This year marked my 20th year as a professional software developer. The anniversary transpired without hoopla.
I’m going to talk about the subject of craftsmanship in general. Why?
Some of us strive to be very good at what we do. It’s my definition of craftsman. Regardless of what anyone else thinks about my work, I find it far and away much more critical to be able to look at my work years later and know that I performed it to the best of my ability. I hold my humility very dear; the lack of it is in direct conflict with the pursuit of knowledge and skill.
Wield a hammer and chisel, a paintbrush, wrenches, a pen, a chef’s knife, a chainsaw or a keyboard (or all of the above)… what’s worth doing is worth learning to do right. That doesn’t mean “It’ll never be finished”, it means “I will do my best, I will make mistakes and learn from them, I will be patient and persistent.”
In 2010 I discovered The Garage Journal, a wonderful forum. It has made me consider my collection of tools in every category… mechanical, woodworking, electrical/electronic, software, kitchen appliances… the things that enable a craftsman or craftswoman to work more productively, to take their work to the next level, to stand on the shoulders of those that preceded us. “What’s in your toolbox?” is a fascinating question to me that can lead in many directions and a long conversation. “What have you created, improved, modified or repaired with the tools at hand?” is an even better question.
Then there are the tools we’ve created ourselves. For a mechanic, it could be as simple as a custom cheater bar or a cut-up wrench to get to that waterpump fastener that seems near impossible to reach. For a woodworker it might be the bench you built. For a software developer, it might be the libraries you authored and use regularly (in my case, libDwm would be a good example).
Some tools find their way into our box out of curiosity, fascination, or just shininess, only to find their way to the bottom of a drawer to collect dust indefinitely. Others save our butt for one task, never to be used again.
Of course, let’s not forget the tools we lust after. For myself… I’d like a new Apple desktop computer, a new 4-channel oscilloscope, a 2-post car lift, a cabinet-grade table saw…
However, a true craftsman gets by with the tools at his disposal. And here’s where software is different than many other crafts; many of the tools are available with only a time investment, not a monetary investment. Download open source, spend some time learning to use it, and produce new software. There’s an up-front cost for the hardware to host the software, but beyond that it’s a wide open world for nearly free. If writing software for personal use, there is no monetary penalty for mistakes. It’s just time (which is worth more than money, but that’s not my point… my point is that the barrier to entry is low). In the embedded software world, if you choose your platform carefully, you can accomplish quite a bit with a small monetary investment. If you’re familiar with electronics, you can design your own circuit boards (and have them fabricated) at a fairly reasonable cost.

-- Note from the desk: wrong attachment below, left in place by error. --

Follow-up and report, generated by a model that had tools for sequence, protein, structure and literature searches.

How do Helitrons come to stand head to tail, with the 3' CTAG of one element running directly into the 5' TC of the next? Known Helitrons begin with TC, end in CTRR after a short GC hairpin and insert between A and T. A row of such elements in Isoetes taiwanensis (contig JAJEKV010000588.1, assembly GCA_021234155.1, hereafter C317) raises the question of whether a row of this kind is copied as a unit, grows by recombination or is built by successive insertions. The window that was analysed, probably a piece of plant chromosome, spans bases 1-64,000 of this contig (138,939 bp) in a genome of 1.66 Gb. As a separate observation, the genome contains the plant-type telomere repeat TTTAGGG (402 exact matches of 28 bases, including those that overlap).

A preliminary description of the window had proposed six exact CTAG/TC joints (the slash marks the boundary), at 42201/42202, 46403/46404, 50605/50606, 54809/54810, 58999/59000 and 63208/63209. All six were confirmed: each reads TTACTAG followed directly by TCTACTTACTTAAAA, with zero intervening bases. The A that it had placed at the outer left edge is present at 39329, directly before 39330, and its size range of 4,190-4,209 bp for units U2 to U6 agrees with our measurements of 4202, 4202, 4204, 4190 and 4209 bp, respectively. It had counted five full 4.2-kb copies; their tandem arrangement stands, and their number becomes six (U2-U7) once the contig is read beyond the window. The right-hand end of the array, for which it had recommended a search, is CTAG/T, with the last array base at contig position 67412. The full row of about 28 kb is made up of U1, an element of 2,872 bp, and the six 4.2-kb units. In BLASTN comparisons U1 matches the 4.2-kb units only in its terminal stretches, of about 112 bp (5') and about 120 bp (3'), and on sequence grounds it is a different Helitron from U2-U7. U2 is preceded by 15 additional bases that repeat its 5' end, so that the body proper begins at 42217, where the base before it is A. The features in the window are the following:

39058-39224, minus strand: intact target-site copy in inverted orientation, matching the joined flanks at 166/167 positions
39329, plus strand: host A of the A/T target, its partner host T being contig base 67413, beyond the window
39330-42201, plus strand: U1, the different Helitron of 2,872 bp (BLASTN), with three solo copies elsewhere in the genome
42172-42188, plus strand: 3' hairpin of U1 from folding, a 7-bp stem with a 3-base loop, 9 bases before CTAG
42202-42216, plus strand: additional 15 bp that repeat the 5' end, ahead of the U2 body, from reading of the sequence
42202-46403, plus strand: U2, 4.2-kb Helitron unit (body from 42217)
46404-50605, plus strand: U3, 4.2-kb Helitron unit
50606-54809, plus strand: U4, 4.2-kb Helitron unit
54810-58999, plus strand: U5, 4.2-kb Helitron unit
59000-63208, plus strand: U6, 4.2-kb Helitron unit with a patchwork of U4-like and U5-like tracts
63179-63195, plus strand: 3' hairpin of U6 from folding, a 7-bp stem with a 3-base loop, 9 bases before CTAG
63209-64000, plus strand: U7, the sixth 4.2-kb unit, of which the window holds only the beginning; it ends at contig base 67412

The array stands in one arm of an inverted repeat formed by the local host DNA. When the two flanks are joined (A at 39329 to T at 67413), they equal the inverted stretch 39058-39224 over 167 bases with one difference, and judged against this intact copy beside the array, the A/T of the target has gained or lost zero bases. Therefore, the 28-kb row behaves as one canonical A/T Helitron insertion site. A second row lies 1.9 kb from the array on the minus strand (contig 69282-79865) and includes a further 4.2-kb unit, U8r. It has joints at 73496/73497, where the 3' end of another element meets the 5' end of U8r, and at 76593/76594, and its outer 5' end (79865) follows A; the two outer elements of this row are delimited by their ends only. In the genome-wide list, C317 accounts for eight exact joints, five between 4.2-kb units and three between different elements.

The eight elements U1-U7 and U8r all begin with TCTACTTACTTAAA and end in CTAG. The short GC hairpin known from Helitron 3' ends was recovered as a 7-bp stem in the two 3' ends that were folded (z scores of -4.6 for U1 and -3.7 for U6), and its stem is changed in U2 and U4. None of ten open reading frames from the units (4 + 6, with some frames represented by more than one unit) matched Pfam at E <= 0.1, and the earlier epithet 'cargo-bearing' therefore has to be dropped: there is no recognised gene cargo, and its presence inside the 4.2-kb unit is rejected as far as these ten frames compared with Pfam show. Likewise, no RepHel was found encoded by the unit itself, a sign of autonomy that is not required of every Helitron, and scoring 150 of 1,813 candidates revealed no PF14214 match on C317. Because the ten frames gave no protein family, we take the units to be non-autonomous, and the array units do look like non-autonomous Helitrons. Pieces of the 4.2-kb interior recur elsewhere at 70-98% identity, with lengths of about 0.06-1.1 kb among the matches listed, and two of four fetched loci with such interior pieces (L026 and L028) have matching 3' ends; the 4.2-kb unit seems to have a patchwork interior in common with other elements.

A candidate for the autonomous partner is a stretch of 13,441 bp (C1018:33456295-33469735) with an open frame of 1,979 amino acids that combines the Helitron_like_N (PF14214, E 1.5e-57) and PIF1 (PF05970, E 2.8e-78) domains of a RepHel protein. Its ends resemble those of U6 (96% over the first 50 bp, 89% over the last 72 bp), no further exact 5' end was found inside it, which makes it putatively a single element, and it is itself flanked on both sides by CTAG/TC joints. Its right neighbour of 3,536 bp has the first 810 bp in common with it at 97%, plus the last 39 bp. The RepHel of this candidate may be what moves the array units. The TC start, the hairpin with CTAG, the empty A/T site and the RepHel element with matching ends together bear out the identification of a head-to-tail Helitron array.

Interestingly, some of the “I can see and touch” stuff is also becoming easier for the single designer and craftsman to create. Sites like emachineshop.com allow us mere dabblers to design physical objects and have them machined or otherwise fabricated at a reasonable cost with convenience we could only dream about 20 years ago. And software is at the center of it, from Web servers to CAD software to procurement and logistics systems to the software running on the CNC machines. It begs the question: where would be be if computers and software had never been invented?
When it comes to producing things at home, we’ve also forged ahead rapidly. While I bemoan the fact that a considerable amount of tool manufacturing has moved overseas, the flip side is that many tools are now within the reach of the average consumer and it’s not difficult to choose the ones that meet your quality/price ratio. Reviews are fairly easy to find inline, as are tool and craftsman-related forums in nearly every category of interest: general, mechanical, woodworking, metalworking, machining, welding, finishing, electronics, software… you name it.
My hat’s off to everyone involved in making it easier for those craftspersons among us to convert what’s in our heads to something the rest of the world can see, hear, touch or use.